Why do certain groups insist on using the euphemism "ethnic cleansing" to deny that "genocide" is underway or has occurred?
“Ethnic cleansing” is used by the press because reporters consider genocide a legal word that can only be validly used by lawyers. Members of the press are reluctant to use legal terms they are unsure about.
Diplomats speak of “ethnic cleansing” rather than genocide to avoid offending other diplomats or U.N. member states, and to avoid implying that their nation or the U.N. has a duty to take preventive action.
Lawyers are reluctant to use the word “genocide” for several reasons:
Lawyers have gutted the word “genocide” of its preventive effect by insisting on judicial standards of proof of specific intent beyond a reasonable doubt rather than a prosecutor’s preponderance of the evidence.
Lawyers sometimes think that statements by the perpetrator are necessary to prove specific intent. But the only thing “specific” about specific intent is that the intent must be to destroy a group. As in ordinary criminal law, perpetrators seldom announce their intentions. Actions are the normal way to prove intent. A systematic campaign of killings and destruction should be enough proof of the specific intent to destroy a group, in whole or in part.
Many British Foreign Office, E.U., and U.N. lawyers even claim that only a court can invoke the word “genocide.” This view is profoundly wrong. It ignores the very name of the International Convention for the Prevention and Punishment of the Crime of Genocide. Courts judge cases after genocide is over—too late for prevention.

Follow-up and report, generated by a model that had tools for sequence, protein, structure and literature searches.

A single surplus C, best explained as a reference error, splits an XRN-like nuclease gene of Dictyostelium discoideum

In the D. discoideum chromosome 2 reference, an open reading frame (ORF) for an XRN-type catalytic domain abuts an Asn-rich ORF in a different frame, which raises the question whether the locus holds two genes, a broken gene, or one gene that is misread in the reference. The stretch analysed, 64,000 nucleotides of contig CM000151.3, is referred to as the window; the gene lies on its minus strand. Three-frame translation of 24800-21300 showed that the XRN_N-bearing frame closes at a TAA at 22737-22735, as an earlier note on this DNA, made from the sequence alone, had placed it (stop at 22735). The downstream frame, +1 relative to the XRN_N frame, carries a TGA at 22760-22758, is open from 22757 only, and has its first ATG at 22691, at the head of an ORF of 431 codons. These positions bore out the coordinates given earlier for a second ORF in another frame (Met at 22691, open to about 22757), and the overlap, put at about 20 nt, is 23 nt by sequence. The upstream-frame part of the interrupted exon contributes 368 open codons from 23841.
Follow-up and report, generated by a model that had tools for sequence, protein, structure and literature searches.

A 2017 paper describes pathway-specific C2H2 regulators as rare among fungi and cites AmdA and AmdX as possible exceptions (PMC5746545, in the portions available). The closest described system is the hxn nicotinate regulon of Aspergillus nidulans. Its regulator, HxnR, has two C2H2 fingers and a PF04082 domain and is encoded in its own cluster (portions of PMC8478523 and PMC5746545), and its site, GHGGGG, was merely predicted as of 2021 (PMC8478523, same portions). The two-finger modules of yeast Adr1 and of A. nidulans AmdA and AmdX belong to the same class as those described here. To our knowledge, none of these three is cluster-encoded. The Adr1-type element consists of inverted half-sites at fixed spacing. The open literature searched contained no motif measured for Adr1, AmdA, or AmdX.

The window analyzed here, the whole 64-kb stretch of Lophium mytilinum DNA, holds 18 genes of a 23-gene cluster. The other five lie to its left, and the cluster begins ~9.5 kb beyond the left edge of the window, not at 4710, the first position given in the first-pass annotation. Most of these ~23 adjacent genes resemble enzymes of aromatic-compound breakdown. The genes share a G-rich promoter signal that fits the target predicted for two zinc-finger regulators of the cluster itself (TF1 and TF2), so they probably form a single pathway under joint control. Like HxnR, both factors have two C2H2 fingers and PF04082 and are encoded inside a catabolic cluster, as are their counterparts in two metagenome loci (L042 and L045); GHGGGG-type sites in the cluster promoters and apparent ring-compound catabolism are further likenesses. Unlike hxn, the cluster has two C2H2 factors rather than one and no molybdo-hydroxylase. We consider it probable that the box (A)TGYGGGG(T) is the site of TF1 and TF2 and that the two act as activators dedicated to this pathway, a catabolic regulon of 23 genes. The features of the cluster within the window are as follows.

Following Schabas, legal advisors to governments and tribunals argue that it is equally damning to call the crimes "ethnic cleansing,” “atrocities,” or “crimes against humanity.” Prison sentences for crimes against humanity in international tribunals have been equal to sentences for genocide. Therefore, charging perpetrators with “crimes against humanity” is as effective as charging them with “genocide.” Such reasoning may apply in trials of individual perpetrators after a genocide is over. But it gives policy makers an easy way out so they can deny their nations' legal duty to prevent genocide.
Lawyers for human rights groups like Human Rights Watch or Amnesty International avoid using the word genocide because they share Schabas’ narrow view of genocidal intent and because they usually oppose military intervention to prevent genocide. They seldom use the word until after a genocide is over.